TIL One of the thirteen articles in the 1781 US Articles of Confederation states that if Canada wants to be admitted into the United States, it will automatically be accepted.

Article summaries

The Articles of Confederation contain a preamble, thirteen articles, a conclusion, and a signatory section. The preamble declares that the states “agree to certain articles of Confederation and perpetual Union.” What follows here summarizes the purpose and content of each of the thirteen articles.

  1. Establishes the name of the confederation with these words: “The stile of this confederacy shall be ‘The United States of America.'”
  2. Asserts the sovereignty of each state, except for the specific powers delegated to the confederation government: “Each state retains its sovereignty, freedom, and independence, and every power, jurisdiction, and right, which is not by this Confederation expressly delegated.”
  3. Declares the purpose of the confederation: “The said States hereby severally enter into a firm league of friendship with each other, for their common defense, the security of their liberties, and their mutual and general welfare, binding themselves to assist each other, against all force offered to, or attacks made upon them, or any of them, on account of religion, sovereignty, trade, or any other pretense whatever.”
  4. Elaborates upon the intent “to secure and perpetuate mutual friendship and intercourse among the people of the different States in this union,” and to establish equal treatment andfreedom of movement for the free inhabitants of each state to pass unhindered between the states, excluding “paupers, vagabonds, and fugitives from justice.” All these people are entitled to equal rights established by the state into which he travels. If a crime is committed in one state and the perpetrator flees to another state, he will be extradited to and tried in the state in which the crime was committed.
  5. Allocates one vote in the Congress of the Confederation (the “United States in Congress Assembled”) to each state, which is entitled to a delegation of between two and seven members. Members of Congress are to be appointed by state legislatures. No congressman may serve more than three out of any six years.
  6. Only the central government may declare war, or conduct foreign political or commercial relations. No state or official may accept foreign gifts or titles, and granting any title of nobility is forbidden to all. No states may form any sub-national groups. No state may tax or interfere with treaty stipulations already proposed. No state may wage war without permission of Congress, unless invaded or under imminent attack on the frontier; no state may maintain a peacetime standing army or navy, unless infested by pirates, but every State is required to keep ready, a well-trained, disciplined, and equipped militia, with sufficient public stores of field pieces, tents, arms, ammunition and camp equipage.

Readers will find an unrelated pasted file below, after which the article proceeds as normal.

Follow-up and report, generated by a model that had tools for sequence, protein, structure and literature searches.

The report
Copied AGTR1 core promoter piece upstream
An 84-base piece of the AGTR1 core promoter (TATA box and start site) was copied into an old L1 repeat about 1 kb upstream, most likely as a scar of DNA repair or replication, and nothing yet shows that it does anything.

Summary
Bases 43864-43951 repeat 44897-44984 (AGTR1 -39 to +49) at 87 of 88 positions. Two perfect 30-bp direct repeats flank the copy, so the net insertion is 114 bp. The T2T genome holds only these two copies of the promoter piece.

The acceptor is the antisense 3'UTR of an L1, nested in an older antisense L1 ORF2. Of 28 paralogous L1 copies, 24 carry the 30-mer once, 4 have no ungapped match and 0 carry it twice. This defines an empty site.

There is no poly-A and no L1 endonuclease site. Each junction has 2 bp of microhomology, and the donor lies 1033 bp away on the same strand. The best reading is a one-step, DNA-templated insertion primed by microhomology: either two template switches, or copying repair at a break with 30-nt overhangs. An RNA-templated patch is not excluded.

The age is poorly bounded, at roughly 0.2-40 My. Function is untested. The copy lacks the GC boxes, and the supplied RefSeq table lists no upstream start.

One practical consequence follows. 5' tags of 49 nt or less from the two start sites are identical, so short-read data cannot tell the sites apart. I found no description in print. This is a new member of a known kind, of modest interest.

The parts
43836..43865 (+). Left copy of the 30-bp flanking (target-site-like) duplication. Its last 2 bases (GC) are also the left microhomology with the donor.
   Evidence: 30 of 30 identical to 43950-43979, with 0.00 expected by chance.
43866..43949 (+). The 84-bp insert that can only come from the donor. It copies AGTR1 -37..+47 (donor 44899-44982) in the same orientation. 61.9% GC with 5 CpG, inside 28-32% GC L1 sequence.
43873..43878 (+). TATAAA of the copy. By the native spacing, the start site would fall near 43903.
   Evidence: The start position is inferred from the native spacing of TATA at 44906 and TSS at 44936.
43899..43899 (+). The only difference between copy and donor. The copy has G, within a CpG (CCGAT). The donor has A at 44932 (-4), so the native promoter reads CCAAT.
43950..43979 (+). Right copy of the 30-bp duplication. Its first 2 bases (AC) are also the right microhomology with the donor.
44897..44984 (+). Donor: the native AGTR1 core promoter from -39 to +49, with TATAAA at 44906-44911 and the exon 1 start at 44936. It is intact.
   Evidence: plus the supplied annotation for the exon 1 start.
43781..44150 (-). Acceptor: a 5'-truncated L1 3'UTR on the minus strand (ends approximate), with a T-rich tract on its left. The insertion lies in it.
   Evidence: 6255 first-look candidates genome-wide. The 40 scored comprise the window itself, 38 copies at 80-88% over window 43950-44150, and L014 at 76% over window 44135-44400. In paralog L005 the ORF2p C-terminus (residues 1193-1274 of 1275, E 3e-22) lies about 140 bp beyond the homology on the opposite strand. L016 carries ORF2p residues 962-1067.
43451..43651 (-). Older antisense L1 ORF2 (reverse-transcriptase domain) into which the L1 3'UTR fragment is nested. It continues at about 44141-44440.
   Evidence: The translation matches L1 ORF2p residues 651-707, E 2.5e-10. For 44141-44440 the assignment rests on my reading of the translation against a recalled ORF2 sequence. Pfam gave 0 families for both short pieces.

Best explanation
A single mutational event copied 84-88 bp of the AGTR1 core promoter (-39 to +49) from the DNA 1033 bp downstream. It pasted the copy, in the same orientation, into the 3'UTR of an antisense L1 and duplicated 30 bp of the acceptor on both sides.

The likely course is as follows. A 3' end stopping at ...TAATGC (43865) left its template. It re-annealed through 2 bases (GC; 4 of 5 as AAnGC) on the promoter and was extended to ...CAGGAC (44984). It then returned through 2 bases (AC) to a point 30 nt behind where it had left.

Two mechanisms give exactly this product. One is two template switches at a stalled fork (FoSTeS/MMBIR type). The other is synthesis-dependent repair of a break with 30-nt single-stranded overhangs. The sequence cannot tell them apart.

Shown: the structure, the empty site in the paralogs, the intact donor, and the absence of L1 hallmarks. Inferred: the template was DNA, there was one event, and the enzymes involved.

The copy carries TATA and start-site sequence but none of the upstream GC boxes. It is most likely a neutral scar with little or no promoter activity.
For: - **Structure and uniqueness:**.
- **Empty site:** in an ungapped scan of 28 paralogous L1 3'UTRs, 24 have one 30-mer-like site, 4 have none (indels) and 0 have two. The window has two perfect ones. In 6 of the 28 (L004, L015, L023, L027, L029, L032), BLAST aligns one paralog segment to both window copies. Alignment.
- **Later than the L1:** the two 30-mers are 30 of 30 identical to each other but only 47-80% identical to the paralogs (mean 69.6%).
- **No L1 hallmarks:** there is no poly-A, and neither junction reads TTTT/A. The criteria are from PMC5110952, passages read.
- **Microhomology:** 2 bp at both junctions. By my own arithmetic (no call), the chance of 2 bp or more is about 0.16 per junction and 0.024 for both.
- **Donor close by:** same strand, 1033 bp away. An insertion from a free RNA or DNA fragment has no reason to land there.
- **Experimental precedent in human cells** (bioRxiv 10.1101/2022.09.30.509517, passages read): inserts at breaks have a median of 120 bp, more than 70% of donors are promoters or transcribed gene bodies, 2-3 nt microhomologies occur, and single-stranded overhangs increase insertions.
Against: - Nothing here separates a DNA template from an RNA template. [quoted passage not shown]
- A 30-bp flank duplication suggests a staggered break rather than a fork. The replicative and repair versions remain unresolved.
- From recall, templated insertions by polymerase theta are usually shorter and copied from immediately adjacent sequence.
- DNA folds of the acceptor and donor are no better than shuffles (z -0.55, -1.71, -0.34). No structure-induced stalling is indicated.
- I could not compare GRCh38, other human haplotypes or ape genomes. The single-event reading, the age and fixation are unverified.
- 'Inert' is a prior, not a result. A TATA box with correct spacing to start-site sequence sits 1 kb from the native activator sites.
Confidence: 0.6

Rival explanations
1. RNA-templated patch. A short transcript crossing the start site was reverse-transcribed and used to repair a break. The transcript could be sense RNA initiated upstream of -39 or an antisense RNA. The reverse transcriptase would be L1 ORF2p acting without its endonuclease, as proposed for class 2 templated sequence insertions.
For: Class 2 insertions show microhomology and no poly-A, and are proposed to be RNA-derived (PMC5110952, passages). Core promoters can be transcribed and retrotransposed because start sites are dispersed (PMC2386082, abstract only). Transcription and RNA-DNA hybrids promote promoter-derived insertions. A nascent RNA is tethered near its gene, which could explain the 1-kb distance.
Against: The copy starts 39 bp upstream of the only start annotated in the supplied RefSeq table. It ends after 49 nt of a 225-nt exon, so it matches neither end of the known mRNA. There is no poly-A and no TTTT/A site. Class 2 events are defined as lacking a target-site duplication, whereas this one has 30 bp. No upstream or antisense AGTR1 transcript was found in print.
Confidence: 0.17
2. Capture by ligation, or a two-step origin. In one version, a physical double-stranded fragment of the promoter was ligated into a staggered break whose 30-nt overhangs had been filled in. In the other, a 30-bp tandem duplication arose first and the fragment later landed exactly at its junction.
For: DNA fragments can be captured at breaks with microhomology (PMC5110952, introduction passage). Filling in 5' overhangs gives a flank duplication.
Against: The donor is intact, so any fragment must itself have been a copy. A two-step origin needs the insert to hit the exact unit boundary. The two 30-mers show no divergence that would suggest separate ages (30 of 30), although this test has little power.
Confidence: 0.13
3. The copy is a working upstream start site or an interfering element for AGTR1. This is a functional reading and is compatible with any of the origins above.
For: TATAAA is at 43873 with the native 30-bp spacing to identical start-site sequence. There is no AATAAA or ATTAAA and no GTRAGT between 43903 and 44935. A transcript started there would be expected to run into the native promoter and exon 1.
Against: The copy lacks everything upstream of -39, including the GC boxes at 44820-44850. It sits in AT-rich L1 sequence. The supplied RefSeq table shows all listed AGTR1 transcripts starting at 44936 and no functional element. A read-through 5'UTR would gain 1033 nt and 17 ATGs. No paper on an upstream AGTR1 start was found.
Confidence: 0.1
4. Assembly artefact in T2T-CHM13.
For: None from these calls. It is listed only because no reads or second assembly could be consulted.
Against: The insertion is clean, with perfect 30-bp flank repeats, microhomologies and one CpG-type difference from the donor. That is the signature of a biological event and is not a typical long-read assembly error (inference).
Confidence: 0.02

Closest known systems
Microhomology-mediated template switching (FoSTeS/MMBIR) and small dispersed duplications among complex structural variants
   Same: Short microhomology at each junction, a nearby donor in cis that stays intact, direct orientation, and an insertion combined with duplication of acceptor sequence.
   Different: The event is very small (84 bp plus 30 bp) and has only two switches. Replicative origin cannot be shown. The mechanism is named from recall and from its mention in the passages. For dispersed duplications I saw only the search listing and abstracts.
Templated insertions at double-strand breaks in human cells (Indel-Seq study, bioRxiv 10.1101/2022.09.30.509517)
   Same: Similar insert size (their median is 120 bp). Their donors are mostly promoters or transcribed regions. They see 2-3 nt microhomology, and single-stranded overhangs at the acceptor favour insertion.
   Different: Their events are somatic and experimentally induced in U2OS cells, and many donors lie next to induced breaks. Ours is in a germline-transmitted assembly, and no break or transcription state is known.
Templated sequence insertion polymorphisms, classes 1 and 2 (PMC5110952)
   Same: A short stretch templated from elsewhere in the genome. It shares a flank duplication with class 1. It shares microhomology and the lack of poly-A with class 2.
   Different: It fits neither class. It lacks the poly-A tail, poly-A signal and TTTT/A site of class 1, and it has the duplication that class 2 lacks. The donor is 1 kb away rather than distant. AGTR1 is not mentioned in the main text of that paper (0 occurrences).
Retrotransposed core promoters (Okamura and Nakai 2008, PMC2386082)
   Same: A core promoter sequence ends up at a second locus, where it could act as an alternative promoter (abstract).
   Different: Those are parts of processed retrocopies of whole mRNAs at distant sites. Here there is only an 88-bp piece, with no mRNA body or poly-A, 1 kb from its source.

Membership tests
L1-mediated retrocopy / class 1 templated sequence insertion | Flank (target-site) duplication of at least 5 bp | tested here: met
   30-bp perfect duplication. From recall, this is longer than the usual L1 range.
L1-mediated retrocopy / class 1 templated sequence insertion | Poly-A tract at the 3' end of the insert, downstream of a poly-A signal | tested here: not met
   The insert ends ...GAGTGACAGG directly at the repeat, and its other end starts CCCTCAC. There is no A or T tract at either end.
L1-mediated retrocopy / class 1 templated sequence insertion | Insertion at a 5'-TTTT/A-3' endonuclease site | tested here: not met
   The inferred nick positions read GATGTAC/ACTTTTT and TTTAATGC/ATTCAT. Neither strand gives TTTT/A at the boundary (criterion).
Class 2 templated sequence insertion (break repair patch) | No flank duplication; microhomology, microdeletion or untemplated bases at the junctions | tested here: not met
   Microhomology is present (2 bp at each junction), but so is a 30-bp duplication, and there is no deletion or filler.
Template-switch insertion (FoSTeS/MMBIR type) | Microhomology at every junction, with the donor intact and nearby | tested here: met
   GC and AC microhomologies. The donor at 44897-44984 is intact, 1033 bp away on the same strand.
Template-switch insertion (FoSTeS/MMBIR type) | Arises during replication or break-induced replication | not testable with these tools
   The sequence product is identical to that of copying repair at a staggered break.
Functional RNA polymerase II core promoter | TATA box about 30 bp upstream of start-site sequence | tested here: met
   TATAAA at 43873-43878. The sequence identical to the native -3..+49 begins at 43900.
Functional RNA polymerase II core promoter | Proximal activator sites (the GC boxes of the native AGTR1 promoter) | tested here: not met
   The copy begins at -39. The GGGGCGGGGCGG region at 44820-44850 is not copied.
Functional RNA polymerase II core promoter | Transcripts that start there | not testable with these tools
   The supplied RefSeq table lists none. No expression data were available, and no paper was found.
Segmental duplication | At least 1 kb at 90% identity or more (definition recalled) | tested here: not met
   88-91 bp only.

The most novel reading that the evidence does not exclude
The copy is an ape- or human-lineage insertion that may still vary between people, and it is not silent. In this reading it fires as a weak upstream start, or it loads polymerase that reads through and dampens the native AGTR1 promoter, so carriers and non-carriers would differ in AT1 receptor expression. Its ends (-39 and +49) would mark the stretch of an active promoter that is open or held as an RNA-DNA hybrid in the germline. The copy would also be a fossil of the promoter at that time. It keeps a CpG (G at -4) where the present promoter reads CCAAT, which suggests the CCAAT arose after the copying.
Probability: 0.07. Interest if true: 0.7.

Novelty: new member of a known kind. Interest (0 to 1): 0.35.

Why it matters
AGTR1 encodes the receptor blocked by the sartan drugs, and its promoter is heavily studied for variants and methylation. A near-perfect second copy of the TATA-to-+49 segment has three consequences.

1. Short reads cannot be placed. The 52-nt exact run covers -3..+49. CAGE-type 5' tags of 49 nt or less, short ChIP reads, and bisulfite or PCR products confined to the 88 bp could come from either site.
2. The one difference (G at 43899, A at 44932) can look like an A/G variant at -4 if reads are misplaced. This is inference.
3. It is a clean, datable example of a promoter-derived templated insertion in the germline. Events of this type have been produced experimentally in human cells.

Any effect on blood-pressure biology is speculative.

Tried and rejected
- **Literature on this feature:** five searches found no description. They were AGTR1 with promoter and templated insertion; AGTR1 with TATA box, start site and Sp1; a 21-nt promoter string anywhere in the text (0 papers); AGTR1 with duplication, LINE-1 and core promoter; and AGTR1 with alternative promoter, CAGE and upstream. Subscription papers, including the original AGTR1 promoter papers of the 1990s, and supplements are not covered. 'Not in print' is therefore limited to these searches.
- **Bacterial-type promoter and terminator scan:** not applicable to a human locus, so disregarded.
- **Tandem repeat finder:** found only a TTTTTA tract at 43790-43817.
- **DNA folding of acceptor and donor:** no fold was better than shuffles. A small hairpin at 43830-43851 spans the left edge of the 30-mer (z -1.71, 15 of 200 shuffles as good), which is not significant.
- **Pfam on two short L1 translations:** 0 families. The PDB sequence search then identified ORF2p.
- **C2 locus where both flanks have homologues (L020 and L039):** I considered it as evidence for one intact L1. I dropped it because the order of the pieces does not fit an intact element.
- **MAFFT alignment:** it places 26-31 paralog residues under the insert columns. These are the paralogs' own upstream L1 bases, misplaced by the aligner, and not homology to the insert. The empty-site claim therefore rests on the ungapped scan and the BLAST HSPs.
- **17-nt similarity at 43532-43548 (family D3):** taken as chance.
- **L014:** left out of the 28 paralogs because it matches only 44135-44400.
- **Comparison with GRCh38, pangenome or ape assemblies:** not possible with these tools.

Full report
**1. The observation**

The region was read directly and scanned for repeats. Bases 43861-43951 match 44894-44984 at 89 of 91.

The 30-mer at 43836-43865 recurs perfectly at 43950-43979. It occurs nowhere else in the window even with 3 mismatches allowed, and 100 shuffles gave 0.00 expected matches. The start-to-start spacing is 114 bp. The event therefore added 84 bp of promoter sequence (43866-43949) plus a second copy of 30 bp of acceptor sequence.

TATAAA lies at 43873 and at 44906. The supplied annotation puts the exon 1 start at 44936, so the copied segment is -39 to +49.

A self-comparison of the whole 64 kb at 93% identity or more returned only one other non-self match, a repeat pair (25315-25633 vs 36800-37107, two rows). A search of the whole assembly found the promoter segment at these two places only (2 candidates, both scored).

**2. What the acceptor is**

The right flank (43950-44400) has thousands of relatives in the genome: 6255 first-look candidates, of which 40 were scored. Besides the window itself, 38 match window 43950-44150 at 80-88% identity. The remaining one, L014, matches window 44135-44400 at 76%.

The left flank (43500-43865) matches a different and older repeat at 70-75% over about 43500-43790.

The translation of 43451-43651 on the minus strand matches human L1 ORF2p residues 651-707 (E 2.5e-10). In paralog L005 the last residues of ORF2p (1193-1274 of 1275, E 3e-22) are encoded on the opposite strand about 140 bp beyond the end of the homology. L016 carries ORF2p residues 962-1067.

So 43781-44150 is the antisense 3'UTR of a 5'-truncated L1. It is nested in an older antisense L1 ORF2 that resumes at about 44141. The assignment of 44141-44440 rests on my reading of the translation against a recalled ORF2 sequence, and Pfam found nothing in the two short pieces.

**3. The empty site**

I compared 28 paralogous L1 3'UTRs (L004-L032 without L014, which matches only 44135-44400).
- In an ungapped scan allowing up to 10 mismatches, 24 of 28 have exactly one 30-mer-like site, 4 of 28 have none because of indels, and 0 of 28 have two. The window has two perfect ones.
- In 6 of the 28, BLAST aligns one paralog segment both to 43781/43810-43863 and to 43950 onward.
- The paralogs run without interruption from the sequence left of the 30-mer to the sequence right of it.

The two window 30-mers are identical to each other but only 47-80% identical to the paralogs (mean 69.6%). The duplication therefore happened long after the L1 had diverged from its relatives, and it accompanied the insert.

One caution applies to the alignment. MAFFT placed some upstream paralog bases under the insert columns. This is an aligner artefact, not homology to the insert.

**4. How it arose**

7. Whenever an army is raised for common defense, the state legislatures shall assign military ranks of colonel and below.
  8. Expenditures by the United States of America will be paid with funds raised by state legislatures, and apportioned to the states in proportion to the real property values of each.
  9. Grants to the United States in Congress assembled the sole and exclusive right and power to determine peace and war; to exchange ambassadors; to enter into treaties and alliances, with some provisos; to establish rules for deciding all cases of captures or prizes on land or water; to grant letters of marque and reprisal (documents authorizing privateers) in times of peace; to appoint courts for the trial of pirates and crimes committed on the high seas; to establish courts for appeals in all cases of captures, but no member of Congress may be appointed a judge; to set weights and measures (including coins), and for Congress to serve as a final court for disputes between states.
  10. “The Committee of the States, or any nine of them, shall be authorized to execute, in the recess of Congress, such of the powers of Congress as the United States in Congress assembled, by the consent of the nine States, shall from time to time think expedient to vest them with; provided that no power be delegated to the said Committee, for the exercise of which, by the Articles of Confederation, the voice of nine States in the Congress of the United States assembled be requisite.”
  11. If “Canada” (as the British-held Province of Quebec was also known) accedes to this confederation, it will be admitted.[16]
  12. Reaffirms that the Confederation accepts war debt incurred by Congress before the existence of the Articles.
  13. Declares that the Articles shall be perpetual, and may be altered only with the approval of Congress and the ratification of all the state legislatures.
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